It's true that this particular user did not notice performance problems.  I wonder how many people on fast machines would notice Firefox starting up 75% slower.

If Firefox never frees compartments, as it will if you have this add-on installed, then consider the performance of the whole machine.  If you have 2GB of RAM, as is common, and Firefox takes up 1.6GB, then every time you try to do *anything* else on your machine, it will page.  If you have 1GB of RAM, Firefox will be unusable.

So if you want a severe performance impact, it is:

 * On a 2GB machine, the whole machine locks up for tens of seconds (paging) while switching between Firefox and a memory-intensive application, such as Photoshop, another web browser, a game, a MS Office product, etc.

 * On a 1GB machine, Firefox and the whole machine becomes completely unusable after a day's browsing, even if you only ever open one site at a time, until the user ditches Firefox and switches to a working web browser.

For someone who uses Firefox on a machine with 1GB of RAM, or for someone who uses more than one program at once, this will be a *huge* performance problem.

> Why would we want to damage our relationship with McAfee by shooting first and asking later?

This is a key point of disagreement, I think.  Let me ask: Why would we want to damage our relationship with our users by not taking action immediately when we discover that a third party has injected brain-dead code into their web browser?  What's more important here?

McAfee should be worried about their relationship with *us*.  Indeed, I'm going to propose in a separate bug that we require specifically theirs, but also all third party add-ons, be reviewed and signed *before* we allow them to run in the browser.

Consider the relative severity of this issue by asking: Would an informed user choose this leak over 75% slower startup?  It's laughable, honestly, even to ask this; this kind of leak is many classes more severe than a mere startup regression.
Comment 22 Justin Lebar (not reading bugmail) 2012-02-17 07:47:52 PST
>  Indeed, I'm going to propose in a separate bug that we require specifically theirs, but also all 
> third party add-ons, be reviewed and signed *before* we allow them to run in the browser.

I've filed bug 728227 for this.
Comment 23 davoudm 2012-02-17 08:17:53 PST
The issue with SiteAdvisor has been fixed and is in QA now. It should be rolled out to all user base in a week. Thanks for reaching out to McAfee and letting us know.

McAfee has, and always will want to have a great relationship with FireFox and other browser vendors and that is why Kev and I and other FF engineers are in constant contact.

Please remember any issues effecting FireFox users also effect our users so we have the best of interest to make sure issues are resolved in a timely manner.

Thanks again for all your help.
Comment 24 Justin Lebar (not reading bugmail) 2012-02-17 08:20:26 PST
> It should be rolled out to all user base in a week.

So we can block all old versions of the extension one week from today?

> The issue with SiteAdvisor has been fixed and is in QA now.

It would be fantastic if you could provide us with this pre-release version so we can verify that the issue is fixed.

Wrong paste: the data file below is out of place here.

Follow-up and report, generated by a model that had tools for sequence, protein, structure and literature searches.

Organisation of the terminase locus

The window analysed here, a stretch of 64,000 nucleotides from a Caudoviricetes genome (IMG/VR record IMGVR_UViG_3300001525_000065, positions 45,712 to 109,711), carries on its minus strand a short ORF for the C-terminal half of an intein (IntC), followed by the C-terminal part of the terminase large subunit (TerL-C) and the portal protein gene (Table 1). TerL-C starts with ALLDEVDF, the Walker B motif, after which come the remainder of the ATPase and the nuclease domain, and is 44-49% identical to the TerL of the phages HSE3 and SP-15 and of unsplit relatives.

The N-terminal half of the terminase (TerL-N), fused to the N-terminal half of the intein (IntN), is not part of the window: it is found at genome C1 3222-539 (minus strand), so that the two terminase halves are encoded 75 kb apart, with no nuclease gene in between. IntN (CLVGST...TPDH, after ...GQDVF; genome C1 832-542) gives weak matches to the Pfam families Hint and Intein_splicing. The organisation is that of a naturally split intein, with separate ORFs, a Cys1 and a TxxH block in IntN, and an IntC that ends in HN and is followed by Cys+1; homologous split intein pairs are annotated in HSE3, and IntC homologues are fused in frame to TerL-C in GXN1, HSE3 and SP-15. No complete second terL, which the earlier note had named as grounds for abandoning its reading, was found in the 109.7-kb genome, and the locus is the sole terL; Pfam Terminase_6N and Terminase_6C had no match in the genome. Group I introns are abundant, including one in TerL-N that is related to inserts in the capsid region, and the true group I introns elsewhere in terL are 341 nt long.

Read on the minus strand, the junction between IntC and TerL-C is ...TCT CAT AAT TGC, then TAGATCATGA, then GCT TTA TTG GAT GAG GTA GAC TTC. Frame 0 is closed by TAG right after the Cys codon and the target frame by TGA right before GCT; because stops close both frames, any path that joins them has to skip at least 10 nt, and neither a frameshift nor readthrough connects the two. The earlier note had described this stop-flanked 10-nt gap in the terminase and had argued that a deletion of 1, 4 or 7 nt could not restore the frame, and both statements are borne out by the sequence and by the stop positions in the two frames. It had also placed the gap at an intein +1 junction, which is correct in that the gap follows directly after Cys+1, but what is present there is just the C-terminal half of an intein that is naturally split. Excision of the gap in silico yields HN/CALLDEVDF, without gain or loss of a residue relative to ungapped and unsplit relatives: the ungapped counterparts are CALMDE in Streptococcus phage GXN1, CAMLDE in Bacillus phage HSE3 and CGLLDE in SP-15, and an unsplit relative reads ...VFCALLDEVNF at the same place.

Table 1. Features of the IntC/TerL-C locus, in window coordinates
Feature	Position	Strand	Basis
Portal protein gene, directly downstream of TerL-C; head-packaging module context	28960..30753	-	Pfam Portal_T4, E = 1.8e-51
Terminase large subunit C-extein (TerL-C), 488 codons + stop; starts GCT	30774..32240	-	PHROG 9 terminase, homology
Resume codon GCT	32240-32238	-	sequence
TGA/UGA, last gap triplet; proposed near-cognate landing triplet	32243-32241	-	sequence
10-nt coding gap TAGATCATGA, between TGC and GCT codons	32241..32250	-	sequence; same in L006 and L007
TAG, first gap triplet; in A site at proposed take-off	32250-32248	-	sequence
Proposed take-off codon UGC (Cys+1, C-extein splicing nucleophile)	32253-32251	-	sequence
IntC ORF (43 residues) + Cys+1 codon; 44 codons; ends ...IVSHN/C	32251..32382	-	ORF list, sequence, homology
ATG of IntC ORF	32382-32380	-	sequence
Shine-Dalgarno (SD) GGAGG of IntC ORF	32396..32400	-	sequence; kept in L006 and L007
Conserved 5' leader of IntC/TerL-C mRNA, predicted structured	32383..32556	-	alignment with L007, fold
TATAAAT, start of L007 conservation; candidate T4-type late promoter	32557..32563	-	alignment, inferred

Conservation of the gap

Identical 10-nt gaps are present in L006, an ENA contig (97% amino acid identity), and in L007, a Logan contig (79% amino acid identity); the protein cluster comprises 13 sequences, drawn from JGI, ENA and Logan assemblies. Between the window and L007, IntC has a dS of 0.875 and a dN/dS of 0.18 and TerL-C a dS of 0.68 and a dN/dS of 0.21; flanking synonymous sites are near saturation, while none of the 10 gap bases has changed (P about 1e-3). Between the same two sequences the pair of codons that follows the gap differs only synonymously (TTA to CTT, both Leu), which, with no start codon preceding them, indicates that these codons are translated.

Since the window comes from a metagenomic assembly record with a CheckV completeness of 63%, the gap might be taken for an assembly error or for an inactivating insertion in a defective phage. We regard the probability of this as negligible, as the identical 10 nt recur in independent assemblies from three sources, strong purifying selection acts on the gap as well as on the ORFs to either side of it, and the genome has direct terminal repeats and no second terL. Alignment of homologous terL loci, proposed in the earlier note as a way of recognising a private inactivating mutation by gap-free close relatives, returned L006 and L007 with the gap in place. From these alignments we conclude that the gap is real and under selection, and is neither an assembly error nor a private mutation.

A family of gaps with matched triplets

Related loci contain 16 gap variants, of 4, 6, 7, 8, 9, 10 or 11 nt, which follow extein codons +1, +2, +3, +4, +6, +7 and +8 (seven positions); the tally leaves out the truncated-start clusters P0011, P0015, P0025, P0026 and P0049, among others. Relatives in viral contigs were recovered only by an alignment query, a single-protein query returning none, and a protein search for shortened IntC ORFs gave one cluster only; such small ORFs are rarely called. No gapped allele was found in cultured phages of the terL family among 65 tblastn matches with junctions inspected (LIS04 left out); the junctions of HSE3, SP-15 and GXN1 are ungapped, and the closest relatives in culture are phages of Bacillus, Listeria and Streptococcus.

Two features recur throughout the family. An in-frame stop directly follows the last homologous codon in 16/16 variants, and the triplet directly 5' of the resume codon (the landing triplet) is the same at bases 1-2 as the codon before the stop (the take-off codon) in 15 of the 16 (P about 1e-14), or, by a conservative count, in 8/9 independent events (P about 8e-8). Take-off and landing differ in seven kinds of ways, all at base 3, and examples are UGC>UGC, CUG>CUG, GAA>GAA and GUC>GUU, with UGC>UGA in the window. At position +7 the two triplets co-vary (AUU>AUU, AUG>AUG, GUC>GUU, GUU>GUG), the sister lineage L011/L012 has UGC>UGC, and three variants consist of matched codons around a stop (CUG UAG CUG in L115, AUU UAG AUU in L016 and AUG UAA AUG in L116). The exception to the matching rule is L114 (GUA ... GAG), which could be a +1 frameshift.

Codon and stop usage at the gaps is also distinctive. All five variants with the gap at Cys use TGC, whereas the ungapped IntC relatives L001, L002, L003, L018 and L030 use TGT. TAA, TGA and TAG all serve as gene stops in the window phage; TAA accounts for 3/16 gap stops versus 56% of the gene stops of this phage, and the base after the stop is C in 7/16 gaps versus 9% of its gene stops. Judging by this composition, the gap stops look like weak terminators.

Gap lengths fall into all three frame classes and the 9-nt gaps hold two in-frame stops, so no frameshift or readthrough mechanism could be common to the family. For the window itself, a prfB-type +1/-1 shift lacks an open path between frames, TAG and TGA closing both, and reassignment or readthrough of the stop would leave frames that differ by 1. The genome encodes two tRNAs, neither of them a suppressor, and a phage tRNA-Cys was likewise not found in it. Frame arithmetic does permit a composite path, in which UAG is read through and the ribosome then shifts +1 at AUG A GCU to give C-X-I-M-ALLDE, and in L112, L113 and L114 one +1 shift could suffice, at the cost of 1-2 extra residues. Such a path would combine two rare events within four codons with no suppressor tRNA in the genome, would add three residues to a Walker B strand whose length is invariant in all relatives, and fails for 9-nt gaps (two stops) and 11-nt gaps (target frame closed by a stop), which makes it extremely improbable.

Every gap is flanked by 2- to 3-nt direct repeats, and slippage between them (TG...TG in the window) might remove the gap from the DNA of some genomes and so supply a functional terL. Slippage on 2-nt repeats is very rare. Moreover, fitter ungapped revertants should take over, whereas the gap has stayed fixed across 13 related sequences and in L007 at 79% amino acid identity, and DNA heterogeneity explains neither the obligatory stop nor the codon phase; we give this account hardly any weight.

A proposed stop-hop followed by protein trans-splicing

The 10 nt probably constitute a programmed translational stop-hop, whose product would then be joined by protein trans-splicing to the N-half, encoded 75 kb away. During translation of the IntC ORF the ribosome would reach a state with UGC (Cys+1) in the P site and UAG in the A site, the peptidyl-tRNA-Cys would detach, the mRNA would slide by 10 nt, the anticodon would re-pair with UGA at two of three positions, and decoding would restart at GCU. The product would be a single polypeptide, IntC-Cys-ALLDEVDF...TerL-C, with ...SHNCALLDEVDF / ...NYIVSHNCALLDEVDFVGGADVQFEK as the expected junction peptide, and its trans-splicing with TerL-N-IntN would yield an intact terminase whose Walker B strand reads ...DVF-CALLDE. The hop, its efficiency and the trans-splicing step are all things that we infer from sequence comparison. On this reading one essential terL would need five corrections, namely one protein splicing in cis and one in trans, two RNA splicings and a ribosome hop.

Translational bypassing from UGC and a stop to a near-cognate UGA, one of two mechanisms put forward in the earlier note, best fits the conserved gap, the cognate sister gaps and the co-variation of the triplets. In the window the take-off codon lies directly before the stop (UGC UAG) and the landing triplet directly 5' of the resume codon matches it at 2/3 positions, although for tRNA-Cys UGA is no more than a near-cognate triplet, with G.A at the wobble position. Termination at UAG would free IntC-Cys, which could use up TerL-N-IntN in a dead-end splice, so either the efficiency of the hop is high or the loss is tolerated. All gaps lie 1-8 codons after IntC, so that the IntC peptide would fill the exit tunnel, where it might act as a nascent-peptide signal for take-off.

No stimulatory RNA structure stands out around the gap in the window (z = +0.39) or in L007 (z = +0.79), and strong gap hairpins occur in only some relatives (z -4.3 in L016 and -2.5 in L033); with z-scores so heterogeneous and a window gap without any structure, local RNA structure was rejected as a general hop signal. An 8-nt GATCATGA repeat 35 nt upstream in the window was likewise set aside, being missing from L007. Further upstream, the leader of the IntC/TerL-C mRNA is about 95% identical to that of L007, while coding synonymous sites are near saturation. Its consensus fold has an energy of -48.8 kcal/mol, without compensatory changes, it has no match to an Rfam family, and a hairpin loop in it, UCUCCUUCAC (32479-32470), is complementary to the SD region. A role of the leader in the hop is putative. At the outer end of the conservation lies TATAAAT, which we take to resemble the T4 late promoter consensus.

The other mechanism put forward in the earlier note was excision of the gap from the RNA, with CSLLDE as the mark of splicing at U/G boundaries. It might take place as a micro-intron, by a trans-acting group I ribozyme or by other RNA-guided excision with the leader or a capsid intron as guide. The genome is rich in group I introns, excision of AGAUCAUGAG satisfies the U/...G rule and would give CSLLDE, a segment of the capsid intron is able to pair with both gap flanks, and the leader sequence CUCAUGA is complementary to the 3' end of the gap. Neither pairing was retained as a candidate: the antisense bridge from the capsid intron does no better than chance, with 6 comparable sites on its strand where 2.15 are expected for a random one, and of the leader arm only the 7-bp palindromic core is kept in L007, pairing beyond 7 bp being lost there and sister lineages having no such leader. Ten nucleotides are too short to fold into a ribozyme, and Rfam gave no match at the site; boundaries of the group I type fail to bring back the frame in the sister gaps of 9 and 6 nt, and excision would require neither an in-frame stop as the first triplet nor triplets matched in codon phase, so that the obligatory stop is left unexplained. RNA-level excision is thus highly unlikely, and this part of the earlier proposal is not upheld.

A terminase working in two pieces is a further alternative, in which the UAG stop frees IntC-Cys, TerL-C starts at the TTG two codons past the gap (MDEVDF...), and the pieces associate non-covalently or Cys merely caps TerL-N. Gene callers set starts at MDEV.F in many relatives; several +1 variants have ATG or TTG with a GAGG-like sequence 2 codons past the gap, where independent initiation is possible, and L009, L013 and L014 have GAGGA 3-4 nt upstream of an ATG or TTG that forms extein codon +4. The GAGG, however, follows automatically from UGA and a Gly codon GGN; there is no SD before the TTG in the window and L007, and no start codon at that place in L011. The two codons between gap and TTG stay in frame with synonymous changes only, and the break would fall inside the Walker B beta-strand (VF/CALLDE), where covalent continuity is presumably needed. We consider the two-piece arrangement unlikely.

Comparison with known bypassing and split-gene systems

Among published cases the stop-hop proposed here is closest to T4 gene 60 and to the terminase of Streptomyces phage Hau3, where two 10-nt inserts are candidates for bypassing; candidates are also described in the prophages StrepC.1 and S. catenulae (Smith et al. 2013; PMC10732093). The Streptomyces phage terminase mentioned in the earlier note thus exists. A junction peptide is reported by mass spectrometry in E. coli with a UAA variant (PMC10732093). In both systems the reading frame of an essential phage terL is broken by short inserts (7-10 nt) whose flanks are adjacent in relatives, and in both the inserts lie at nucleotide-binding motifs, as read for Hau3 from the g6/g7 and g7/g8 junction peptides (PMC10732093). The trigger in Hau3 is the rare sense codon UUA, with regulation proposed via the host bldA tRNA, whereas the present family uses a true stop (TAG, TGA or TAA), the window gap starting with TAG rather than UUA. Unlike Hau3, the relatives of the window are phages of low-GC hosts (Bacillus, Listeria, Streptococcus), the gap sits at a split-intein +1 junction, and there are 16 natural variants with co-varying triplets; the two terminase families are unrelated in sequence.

Comment 25 Jorge Villalobos [:jorgev] 2012-02-17 08:47:41 PST
(In reply to davoudm from comment #23)
> The issue with SiteAdvisor has been fixed and is in QA now. It should be
> rolled out to all user base in a week. Thanks for reaching out to McAfee and
> letting us know.

Thank you for the quick response. Please note that there's also bug 728024 filed for the ScriptScan add-on.

Let us know when the new version is available, so we can time soft-blocking the old versions of the add-on.
Comment 26 davoudm 2012-02-17 08:54:23 PST
>>So we can block all old versions of the extension one week from today?
Most users will be updated in one week. Although there maybe others who lag behind. It would be good if we can do that in 2 weeks. The version will still be 3.4.1.xx. It is only the build number that will be higher than 193 (current build). Can you block per build version since the main version will still be 3.4.1?

>>It would be fantastic if you could provide us with this pre-release version so we can verify that the issue is fixed.

We would love to do that. I can send a copy to Kev next Tuesday and he can send it to you. He is traveling today and we are out on Monday due to holiday.
Comment 27 Jorge Villalobos [:jorgev] 2012-02-17 09:28:03 PST
(In reply to davoudm from comment #26)
> >>So we can block all old versions of the extension one week from today?
> Most users will be updated in one week. Although there maybe others who lag
> behind. It would be good if we can do that in 2 weeks. The version will
> still be 3.4.1.xx. It is only the build number that will be higher than 193
> (current build). Can you block per build version since the main version will
> still be 3.4.1?

If the version string in install.rdf is different, we can make that distinction. If it isn't, then we can't. If the build number is part of the version string, then there's no problem. Otherwise I recommend you bump up the version number to 3.4.1.1 or something like that.
Comment 28 Mike Kaply [:mkaply] 2012-02-17 09:37:59 PST
It would also be nice to know a general idea of what the problem was so that it can be documented not to do that.
Comment 29 Paul Wright 2012-02-17 12:02:57 PST